I am overcome by dread In the face of mysterious heights; I’m satisfied by a swallow in the sky And I love the way a bell-tower soars!
I feel I am the age-old traveller Who, on bending planks, above the abyss, Listens to the snowball grow And eternity strike on stone clocks.
If it could be! But I am not that wayfarer Flickering against faded leaves: True sadness sings in me.
There’s an avalanche in the hills! And all my self is in the bells, Though music cannot save one from the abyss!
I’m not in favour of premeditated happiness: Sometimes nature is a grey blemish And I’m sentenced, slightly tipsy, To taste the colours of impoverishment.
The wind is playing with a tousled cloud, The anchor scrapes the ocean bottom; My mind, lifeless as linen, Hangs over nothingness.
But I like the casino on the dunes: The vast view from the misty window, A thin ray of light on the crumpled tablecloth;
And, with greeny water all around, When, like a rose, the wine is in its glass, I like to follow the sea-gull’s wings!
On a walk I came across a funeral Near the Lutheran church, last Sunday. An absentminded passer-by, I stopped to watch The rigorous distress on the faces of the flock.
I couldn’t make out what language they were speaking, And nothing shone except fine brass And reflections from the lazy horse-shoes On the toneless Sunday side-roads.
In the resilient half-light of the carriage Where sadness, the dissembler, lay entombed, Wordless and tearless and chary of greetings A buttonhole of autumn roses gleamed.
The foreigners stretched out in a black ribbon And weeping ladies went on foot, Red faces veiled; while, above them, Nothing stopped the stubborn coachman.
Whoever you were, Lutheran deceased, They buried you with ease and artlessness, Eyes were dimmed with the decency of tears, Bells rang out with dignified restraint.
I thought – no need for speeches: We are not prophets nor precursors, We do not delight in heaven nor live in fear of hell, In dull noon we burn like candles.
Hagia Sophia – here the Lord commanded That nations and tsars should halt! Your dome, according to an eye-witness, Hangs from heaven as though by a chain.
All centuries take their measure from Justinian: Out of her shrine, in Ephesus, Diana allowed One hundred and seven green marble pillars To be pillaged for his alien gods.
How did your lavish builder feel When – with lofty hand and soul – He set the apses and the chapels, Arranging them at east and west?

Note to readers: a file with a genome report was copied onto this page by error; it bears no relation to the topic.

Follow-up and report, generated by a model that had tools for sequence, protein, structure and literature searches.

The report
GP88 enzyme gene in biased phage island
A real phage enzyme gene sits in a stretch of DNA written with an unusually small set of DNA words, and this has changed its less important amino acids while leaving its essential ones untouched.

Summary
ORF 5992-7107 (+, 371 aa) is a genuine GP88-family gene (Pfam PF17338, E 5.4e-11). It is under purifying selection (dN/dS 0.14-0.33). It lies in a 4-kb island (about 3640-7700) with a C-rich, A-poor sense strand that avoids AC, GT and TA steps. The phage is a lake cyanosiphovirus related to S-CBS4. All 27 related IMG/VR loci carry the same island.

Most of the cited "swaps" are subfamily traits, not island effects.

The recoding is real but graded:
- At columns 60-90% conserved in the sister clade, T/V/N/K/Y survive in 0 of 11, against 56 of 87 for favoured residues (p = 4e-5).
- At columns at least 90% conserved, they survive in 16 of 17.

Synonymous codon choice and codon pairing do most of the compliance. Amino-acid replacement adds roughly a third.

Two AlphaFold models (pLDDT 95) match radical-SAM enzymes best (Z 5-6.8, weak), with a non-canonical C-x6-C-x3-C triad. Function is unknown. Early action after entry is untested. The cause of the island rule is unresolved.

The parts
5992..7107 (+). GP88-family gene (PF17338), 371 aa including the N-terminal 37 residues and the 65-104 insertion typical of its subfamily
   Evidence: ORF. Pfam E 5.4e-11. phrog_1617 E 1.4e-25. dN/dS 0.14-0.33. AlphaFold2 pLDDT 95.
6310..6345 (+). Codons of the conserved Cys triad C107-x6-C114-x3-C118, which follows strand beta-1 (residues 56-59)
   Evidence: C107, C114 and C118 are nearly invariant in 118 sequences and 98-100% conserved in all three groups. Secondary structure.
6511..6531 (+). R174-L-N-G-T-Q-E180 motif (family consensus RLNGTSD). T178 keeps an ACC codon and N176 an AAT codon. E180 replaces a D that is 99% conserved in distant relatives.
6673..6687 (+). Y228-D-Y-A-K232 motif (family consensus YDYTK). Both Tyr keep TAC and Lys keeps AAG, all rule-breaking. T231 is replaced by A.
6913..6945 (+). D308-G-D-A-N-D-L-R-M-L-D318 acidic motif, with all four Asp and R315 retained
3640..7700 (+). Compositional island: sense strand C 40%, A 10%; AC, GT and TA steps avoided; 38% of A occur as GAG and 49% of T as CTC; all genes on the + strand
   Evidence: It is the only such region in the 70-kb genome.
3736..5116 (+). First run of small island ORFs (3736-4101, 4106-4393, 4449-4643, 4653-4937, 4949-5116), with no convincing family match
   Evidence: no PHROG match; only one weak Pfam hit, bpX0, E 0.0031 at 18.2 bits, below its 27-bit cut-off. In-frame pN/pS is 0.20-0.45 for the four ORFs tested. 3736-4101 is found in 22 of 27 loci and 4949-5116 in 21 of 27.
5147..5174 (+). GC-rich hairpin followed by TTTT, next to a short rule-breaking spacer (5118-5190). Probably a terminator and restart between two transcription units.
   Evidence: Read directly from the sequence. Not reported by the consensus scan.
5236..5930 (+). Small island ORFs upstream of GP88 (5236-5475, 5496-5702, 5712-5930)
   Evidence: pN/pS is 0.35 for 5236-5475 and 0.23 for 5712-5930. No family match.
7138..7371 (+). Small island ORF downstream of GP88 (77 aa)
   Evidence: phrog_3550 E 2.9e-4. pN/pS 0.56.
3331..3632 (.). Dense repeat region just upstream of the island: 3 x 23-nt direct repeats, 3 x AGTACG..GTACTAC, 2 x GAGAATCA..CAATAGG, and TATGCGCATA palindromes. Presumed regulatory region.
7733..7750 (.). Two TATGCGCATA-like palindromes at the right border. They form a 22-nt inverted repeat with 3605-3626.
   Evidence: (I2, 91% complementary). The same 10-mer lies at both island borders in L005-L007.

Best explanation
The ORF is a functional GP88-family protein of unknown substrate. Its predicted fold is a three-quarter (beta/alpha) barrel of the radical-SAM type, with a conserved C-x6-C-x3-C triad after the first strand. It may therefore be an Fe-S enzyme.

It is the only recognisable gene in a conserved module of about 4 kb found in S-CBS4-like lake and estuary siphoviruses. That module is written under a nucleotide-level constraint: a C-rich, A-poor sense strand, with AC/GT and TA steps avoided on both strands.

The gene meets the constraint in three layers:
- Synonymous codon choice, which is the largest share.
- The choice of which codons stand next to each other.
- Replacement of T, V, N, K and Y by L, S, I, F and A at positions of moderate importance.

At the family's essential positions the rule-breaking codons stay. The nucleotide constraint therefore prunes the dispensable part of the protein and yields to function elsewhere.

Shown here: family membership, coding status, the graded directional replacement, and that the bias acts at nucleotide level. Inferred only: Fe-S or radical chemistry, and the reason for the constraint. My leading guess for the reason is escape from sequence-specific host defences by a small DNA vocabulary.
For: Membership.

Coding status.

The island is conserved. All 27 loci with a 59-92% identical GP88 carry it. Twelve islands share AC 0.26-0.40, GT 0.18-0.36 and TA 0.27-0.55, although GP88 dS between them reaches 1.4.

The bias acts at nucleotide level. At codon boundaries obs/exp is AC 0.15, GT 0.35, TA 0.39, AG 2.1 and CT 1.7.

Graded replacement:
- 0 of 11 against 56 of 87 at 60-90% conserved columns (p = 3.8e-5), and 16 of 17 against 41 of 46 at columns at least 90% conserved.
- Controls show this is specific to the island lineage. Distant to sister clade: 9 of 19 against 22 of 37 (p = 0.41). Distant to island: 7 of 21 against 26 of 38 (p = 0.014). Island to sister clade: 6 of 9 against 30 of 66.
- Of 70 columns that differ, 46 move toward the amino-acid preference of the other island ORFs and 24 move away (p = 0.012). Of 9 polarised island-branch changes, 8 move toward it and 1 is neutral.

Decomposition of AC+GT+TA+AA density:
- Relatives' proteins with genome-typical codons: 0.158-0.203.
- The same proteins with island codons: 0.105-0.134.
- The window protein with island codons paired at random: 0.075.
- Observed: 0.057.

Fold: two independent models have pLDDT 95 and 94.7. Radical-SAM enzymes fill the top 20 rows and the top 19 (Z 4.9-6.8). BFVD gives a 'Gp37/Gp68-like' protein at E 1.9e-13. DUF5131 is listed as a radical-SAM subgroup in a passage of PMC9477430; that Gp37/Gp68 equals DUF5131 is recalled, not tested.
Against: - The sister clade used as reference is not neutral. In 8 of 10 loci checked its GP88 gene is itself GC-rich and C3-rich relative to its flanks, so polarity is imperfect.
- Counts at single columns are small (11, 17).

A splendid temple, bathing in the peace – A festival of light from forty windows; Under the dome, on pendentives, the four Archangels Sail onwards, most beautiful of all.
And this sage and spherical building Shall outlive centuries and nations, And the resonant sobbing of the seraphim Shall not warp the dark gilt surfaces.
Where a Roman judged a foreign people A basilica stands and, first and joyful Like Adam once, an arch plays with its own ribs: Groined, muscular, never unnerved.
From outside, the bones betray the plan: Here flying buttresses ensure That cumbersome mass shan’t crush the walls – A vault bold as a battering-ram is idle.
Elemental labyrinth, unfathomable forest, The Gothic soul’s rational abyss, Egyptian power and Christian shyness, Oak together with reed – and perpendicular as tsar.
But the more attentively I studied, Notre Dame, your monstrous ribs, your stronghold, The more I thought: I too one day shall create Beauty from cruel weight.
Poisoned bread, satiated air, Wounds impossible to bind. Joseph, sold into Egypt, couldn’t have pined With a deeper despair!
Bedouin, under the starry sky, Each on a horse, Shut their eyes and improvise Out of the troubles of the day gone by.
Images lie close at hand: Someone traded a horse, Somebody else lost his quiver in the sand. The hazy happenings disperse.
And if truly sung, Wholeheartedly, at last Everything vanishes, nothing is left But space, and stars, and singer.
Horses’ hooves… The clatter Of crude and simple times. And the yardmen, in their sheepskin coats, Sleep on the wooden benches.
A clamour at the iron gates Wakes the royally lazy doorman, Whose wolfish yawning Recalls the Scythians
When Ovid, with senile love, Blended Rome and snow, And sang of the ox- and bullock-waggons In the march of the barbarians.
There are orioles in the woods, and length of vowels Is the sole measure in accentual verse. But only once a year is nature lengthily protracted And overflowing, as in Homer’s measure.
This day yawns like a caesura: Quiet since morning, and arduous duration; Oxen at pasture, and a golden indolence To extract from the reed one whole note’s richness.